Investors will welcome the news that sales of new homes are rocketing across the US, reaching a level not seen since January 2008, before the economic crash.
The country’s Commerce Department reported recently that new home sales jumped a healthy 16.6 per cent in April 2016, hitting a seasonally adjusted rate of 619,000, up from just 531,000 in the month before. March's total was also revised higher.
Reasons given for this resurgence include a steady employment market and low mortgage rates, which are giving Americans the confidence to purchase new houses. This trend is fuelling the country’s construction industry and real estate market, and giving support to the economy.
Meanwhile, pending home sales rose for the third consecutive month in April 2016, achieving their highest level in over 10 years, according to the National Association of Realtors (NAR). All major US regions saw gains in contract activity in April, except the Midwest, which saw a slight decline. The Pending Home Sales Index – a forward-looking indicator based on contract signings for homes that have not yet sold – hiked 5.1 per cent higher that month and 4.6 per cent above April 2015.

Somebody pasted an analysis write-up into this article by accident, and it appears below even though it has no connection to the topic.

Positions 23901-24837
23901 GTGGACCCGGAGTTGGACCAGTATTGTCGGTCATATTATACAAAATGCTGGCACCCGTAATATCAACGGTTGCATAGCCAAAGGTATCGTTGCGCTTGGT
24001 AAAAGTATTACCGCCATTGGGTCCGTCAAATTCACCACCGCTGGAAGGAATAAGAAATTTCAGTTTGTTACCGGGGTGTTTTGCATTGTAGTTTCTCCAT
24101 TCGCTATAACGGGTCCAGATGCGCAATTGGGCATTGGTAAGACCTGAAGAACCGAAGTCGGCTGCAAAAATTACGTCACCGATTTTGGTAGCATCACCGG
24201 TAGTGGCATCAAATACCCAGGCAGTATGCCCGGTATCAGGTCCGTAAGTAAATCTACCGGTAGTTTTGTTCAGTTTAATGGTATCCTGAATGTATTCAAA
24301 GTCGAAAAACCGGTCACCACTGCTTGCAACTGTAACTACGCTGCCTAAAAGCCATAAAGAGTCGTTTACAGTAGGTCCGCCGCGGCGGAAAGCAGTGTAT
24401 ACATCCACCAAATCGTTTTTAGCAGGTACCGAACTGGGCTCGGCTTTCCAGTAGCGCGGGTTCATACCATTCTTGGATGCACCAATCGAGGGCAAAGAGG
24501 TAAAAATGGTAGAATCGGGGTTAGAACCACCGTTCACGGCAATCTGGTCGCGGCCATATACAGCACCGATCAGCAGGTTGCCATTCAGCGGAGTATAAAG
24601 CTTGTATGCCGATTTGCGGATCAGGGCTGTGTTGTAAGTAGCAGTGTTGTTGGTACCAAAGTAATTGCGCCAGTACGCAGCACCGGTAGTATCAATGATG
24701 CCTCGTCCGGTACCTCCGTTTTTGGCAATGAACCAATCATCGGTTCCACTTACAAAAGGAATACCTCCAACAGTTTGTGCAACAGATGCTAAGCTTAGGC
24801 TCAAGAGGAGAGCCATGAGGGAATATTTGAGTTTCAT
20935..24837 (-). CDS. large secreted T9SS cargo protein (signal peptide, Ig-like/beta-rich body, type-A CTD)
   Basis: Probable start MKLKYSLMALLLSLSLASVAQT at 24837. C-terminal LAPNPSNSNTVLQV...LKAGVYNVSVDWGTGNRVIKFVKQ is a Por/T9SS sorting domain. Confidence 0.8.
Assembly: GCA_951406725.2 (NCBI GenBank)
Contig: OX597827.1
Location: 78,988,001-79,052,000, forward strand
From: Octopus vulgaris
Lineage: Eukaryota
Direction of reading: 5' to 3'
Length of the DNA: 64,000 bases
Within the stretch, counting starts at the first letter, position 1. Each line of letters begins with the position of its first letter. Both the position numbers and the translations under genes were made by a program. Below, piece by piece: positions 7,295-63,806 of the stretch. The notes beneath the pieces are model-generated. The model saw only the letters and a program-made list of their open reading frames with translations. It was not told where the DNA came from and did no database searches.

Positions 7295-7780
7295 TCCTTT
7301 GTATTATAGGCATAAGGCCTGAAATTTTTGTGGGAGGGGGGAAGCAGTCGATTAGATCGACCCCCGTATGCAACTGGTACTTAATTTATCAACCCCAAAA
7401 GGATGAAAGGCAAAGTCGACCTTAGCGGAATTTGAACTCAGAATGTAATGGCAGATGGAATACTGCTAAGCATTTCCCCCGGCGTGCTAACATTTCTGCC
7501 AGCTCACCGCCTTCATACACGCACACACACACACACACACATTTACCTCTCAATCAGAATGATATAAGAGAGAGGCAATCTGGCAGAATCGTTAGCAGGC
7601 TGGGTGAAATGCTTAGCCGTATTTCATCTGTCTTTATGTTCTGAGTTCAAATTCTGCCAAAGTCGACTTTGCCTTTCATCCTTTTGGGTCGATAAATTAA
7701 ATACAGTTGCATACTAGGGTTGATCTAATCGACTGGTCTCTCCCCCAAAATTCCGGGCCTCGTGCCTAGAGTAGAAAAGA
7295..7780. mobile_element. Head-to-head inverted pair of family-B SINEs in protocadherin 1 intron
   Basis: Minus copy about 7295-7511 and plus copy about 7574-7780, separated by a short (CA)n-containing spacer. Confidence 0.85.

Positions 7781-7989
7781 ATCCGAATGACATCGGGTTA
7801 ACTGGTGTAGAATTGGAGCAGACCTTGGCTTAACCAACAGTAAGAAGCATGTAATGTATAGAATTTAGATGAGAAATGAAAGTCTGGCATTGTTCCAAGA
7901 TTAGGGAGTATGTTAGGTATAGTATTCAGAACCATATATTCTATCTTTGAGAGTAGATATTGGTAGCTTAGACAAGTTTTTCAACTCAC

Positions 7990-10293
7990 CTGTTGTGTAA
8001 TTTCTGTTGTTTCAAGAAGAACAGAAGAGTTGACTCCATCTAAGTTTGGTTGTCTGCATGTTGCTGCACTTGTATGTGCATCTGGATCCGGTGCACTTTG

US mortgage rates have remained below four per cent in 16 of the past 17 months to April. However, pundits cannot say how long it will stay this low. Along with rent growth, rising gas prices – and the fading effects of last year's cheap oil on consumer prices – could cause a rise in inflation which in turn could cause an increase in rates. In the short-term though, mortgage rates are expected to hover around four per cent in coming months.